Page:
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I wouldn't reuse the spoke nipples. If you buy new spokes for the new wheel, you'll get new spoke nipples also. Regarding the rim, lots of (older?) rims came that way. I've seen other questions similar to yours here on BF. I tried to do a search and found someone on 4/12/12 asking about the same question as you are, except his wheel is still built up. I agree the "crack" looks wider than normal, I also would think it would pull together more with tightened spokes. I don't think the rim is toast, in fact I'd probably just build it up without thinking about it if it were mine. But I'll also claim to not know too much about the subject. There are some pretty knowledgeable people on here, wait a few more hours/days and see who else chimes in.
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Old 04-21-12, 04:53 PM   #11
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THere is no problem with the rim indicated by the gap in the rim joint. I would suspect it is 100% fine to relace onto a new hub.
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Old 04-21-12, 05:12 PM   #12
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Well, it seems almost everyone agrees that it is still a good candidate for a new wheel. I will go ahead and build it up.

So with the nipples the advice is, dont do it? Alright, I will donate them to the co-op and they can decide to scrap them or w/e.

Just out of curiosity, is it possible to seperate the nipples from the spokes without damage, after the locking compund has set 30 years ago?
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Old 04-22-12, 05:59 AM   #13
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Well, it seems almost everyone agrees that it is still a good candidate for a new wheel. I will go ahead and build it up.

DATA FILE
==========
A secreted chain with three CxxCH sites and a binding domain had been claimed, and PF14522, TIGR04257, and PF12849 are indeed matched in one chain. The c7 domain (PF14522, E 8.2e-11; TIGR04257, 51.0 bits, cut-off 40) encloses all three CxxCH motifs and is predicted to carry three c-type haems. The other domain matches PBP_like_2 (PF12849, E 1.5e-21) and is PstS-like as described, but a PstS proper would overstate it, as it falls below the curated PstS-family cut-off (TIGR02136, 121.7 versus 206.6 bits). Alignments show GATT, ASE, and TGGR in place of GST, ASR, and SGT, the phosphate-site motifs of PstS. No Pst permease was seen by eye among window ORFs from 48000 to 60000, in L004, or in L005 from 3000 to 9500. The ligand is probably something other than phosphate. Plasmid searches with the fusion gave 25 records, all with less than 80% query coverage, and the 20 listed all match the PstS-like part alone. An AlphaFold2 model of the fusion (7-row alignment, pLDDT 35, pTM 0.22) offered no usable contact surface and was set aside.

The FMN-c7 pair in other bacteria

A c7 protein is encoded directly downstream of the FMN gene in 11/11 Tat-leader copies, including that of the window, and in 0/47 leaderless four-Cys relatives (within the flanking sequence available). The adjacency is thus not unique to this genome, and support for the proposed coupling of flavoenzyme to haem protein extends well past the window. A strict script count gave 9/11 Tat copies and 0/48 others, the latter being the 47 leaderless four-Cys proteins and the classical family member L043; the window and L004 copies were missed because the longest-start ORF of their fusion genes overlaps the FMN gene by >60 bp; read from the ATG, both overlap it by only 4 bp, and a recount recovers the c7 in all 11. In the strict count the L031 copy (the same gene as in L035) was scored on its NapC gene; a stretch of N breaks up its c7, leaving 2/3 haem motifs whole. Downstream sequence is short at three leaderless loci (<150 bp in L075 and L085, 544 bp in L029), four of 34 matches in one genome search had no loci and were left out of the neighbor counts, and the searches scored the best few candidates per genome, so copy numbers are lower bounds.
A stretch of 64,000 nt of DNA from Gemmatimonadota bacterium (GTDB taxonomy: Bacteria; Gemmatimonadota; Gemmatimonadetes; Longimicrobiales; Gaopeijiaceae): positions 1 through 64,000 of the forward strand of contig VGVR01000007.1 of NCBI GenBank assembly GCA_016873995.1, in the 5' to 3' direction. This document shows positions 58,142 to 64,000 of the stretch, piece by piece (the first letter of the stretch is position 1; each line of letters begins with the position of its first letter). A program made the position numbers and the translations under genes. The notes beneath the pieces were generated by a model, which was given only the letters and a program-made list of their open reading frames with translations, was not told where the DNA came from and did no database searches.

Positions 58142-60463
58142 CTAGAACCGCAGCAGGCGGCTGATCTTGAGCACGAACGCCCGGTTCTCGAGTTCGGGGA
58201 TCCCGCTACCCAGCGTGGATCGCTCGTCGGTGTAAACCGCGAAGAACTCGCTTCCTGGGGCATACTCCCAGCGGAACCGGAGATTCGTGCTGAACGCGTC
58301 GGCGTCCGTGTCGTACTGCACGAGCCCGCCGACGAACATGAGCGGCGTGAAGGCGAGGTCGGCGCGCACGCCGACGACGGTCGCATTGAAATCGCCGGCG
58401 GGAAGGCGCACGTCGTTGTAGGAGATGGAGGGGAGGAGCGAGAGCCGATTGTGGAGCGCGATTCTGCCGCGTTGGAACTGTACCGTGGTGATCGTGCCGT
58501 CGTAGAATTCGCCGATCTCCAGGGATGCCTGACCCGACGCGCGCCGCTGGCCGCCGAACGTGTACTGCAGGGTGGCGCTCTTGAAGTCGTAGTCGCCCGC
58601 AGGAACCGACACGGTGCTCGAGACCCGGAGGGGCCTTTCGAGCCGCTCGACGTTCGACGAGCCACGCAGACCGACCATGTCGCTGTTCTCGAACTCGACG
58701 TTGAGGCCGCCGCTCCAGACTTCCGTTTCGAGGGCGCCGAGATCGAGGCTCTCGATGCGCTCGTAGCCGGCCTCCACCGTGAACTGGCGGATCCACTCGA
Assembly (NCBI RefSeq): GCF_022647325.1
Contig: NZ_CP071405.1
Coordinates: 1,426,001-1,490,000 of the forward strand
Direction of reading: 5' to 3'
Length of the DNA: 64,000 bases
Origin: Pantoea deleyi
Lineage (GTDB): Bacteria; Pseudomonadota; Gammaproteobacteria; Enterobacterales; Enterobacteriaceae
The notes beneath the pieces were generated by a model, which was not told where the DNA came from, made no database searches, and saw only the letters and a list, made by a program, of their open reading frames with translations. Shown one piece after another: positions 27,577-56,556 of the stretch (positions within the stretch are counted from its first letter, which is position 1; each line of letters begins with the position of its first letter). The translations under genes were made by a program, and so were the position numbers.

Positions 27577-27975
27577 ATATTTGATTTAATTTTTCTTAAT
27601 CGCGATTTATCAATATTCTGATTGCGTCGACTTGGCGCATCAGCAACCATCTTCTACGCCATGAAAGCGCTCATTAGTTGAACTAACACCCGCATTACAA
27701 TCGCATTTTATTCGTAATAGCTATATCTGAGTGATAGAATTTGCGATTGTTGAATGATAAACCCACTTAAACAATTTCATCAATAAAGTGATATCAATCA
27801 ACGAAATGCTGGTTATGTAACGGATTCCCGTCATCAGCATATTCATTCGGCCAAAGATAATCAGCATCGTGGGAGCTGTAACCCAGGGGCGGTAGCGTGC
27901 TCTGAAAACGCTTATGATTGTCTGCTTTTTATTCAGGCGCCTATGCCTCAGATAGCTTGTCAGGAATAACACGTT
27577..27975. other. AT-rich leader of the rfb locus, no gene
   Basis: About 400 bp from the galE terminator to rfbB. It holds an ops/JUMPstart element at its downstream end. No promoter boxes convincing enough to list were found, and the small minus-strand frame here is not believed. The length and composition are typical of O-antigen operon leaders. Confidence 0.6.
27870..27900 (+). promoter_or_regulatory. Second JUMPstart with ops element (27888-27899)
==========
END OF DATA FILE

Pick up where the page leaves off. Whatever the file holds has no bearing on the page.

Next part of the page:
So with the nipples the advice is, dont do it? Alright, I will donate them to the co-op and they can decide to scrap them or w/e.

Just out of curiosity, is it possible to seperate the nipples from the spokes without damage, after the locking compund has set 30 years ago?
If the spokes were stainless and the nipples all turned reasonably I'd reuse them and the spokes, if the spokes are otherwise unblemished. Back then Trek did not use stainless on the OEM wheels, at least not on my 1984 610's wheels. With the correct-fitting spoke wrench nipple rounding is a thing of the past, at least for me.

You could put a bit of light oil on the nipples that are sticky and see if that helps, or perhaps a solvent. But if you build a new wheel with stainless spokes, after another 30 years it will still be easy to turn.
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Old 04-22-12, 06:57 AM   #14
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If the spokes were stainless and the nipples all turned reasonably I'd reuse them and the spokes, if the spokes are otherwise unblemished. Back then Trek did not use stainless on the OEM wheels...
I took the grime off 5 randomly selected spokes, and none of them show signs of either oxidation or stripping after 30 years, so it looks like they may very well be stainless steel. I dont know how how long this Matrix Strada wheel has been sitting indoors, but over an equal amount of beach commuting these nipples have not deteriorated at all compared to the standard steel spokes on my cheapo Raleigh.

Spokes are gone though. I guess the method of removal is to clamp them tight in a vice, by the spoke, and then unscrew the nipples at the head with a flathead.
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Old 04-22-12, 08:47 AM   #15
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If the nipples can be salvaged with not too much effort, then the bike co-op will gladly take them, I am sure. But nipples are not so valuable that you should think twice about tossing the whole mess in the metal recycling if they don't come off easily. ANd they are not a universal fit - if you buy new spokes *which should come with new nipples* they likely will not work with the old nipples anyway.

Going to any trouble to keep the nipples when you are throwing out the spokes is like dropping off an old a car at the junkyard and insisting on keeping the windshield.